Integrated Windows Authentication


Integrated Windows Authentication

Integrated Windows Authentication (IWA) is a term associated with Microsoft products that refers to the SPNEGO, Kerberos, and NTLMSSP authentication protocols with respect to SSPI functionality introduced with Microsoft Windows 2000 and included with later Windows NT-based operating systems. The term is used more commonly for the automatically authenticated connections between Microsoft Internet Information Services, Internet Explorer, and other Active Directory aware applications.

IWA is also known by several names like HTTP Negotiate authentication, NT Authentication, NTLM Authentication, Domain authentication, Windows Integrated Authentication, Windows NT Challenge/Response authentication,[1] or simply Windows Authentication.[2]

Contents

Overview

Integrated Windows Authentication uses the security features of Windows clients and servers. Unlike Basic or Digest authentication, initially, it does not prompt users for a user name and password. The current Windows user information on the client computer is supplied by the browser through a cryptographic exchange involving hashing with the Web server. If the authentication exchange initially fails to identify the user, the browser will prompt the user for a Windows user account user name and password. Integrated Windows Authentication itself is not a standard or an authentication protocol. When IWA is selected as an option of a program (e.g. within the Directory Security tab of the IIS site properties dialog)[3] this implies that underlying security mechanisms should be used in a preferential order. If the Kerberos provider is functional and a Kerberos ticket can be obtained for the target, and any associated settings permit Kerberos authentication to occur (e.g. Intranet sites settings in Internet Explorer), the Kerberos 5 protocol will be attempted. Otherwise NTLMSSP authentication is attempted. Similarly, if Kerberos authentication is attempted, yet it fails, then NTLMSSP is attempted. IWA uses SPNEGO to allow initiators and acceptors to negotiate either Kerberos or NTLMSSP. Third party utilities have extended the Integrated Windows Authentication paradigm to UNIX, Linux and Mac systems.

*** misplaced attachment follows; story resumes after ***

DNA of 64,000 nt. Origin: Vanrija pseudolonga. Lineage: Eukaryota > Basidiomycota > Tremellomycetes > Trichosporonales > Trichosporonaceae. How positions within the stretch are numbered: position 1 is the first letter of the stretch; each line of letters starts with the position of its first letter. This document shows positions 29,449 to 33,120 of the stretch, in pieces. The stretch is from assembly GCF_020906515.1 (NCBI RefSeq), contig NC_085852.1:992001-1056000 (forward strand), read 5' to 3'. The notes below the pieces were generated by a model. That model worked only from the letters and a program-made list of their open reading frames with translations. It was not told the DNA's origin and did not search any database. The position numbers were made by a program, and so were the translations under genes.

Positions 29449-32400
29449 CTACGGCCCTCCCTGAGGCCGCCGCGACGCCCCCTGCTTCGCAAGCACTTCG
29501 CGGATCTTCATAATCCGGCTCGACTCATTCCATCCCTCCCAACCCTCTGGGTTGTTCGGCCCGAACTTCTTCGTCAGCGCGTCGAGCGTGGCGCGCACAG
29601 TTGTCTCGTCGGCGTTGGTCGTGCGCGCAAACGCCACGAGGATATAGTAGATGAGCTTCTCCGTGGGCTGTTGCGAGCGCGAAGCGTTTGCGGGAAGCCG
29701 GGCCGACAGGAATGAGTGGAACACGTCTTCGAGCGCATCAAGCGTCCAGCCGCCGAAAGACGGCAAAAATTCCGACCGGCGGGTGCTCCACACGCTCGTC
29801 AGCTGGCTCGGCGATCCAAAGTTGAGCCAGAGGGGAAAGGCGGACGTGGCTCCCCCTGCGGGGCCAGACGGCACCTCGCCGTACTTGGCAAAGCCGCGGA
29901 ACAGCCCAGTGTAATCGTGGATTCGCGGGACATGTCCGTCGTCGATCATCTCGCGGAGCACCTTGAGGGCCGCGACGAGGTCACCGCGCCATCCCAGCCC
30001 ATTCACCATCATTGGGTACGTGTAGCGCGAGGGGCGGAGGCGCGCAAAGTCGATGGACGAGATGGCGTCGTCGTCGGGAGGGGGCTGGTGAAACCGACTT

For technical information regarding the protocols behind IWA, see the articles for SPNEGO, Kerberos, NTLMSSP, NTLM, SSPI, and GSSAPI.

Supported browsers

Integrated Windows Authentication works with most modern browsers,[4] but does not work over HTTP proxy servers.[3] Therefore, it is best for use in intranets where all the clients are within a single domain. It may work with other Web browsers if they have been configured to pass the user's logon credentials to the server that is requesting authentication.

In Mozilla Firefox on Windows operating systems, the names of the domains/websites to which the authentication is to be passed can be entered (comma delimited for multiple domains) for the "network.negotiate-auth.trusted-uris" (for Kerberos) or in the "network.automatic-ntlm-auth.trusted-uris" (NTLM) Preference Name on the about:config page. On the Macintosh operating systems this works if you have a kerberos ticket (use negotiate). Some websites may also require configuring the "network.negotiate-auth.delegation-uris".

Opera 9.01 and later versions can use NTLM/Negotiate, but will use Basic or Digest authentication if that is offered by the server.

Chrome works as of 8.0.

Safari works, once you have a Kerberos ticket

See also

References

  1. ^ IIS Authentication (MSDN article)
  2. ^ Microsoft Q258063
  3. ^ a b Microsoft. "Integrated Windows Authentication (IIS 6.0)". IIS 6.0 Documentation. http://www.microsoft.com/technet/prodtechnol/WindowsServer2003/Library/IIS/523ae943-5e6a-4200-9103-9808baa00157.mspx. Retrieved 2009-08-30. 
  4. ^ http://confluence.slac.stanford.edu/display/Gino/Integrated+Windows+Authentication

External links


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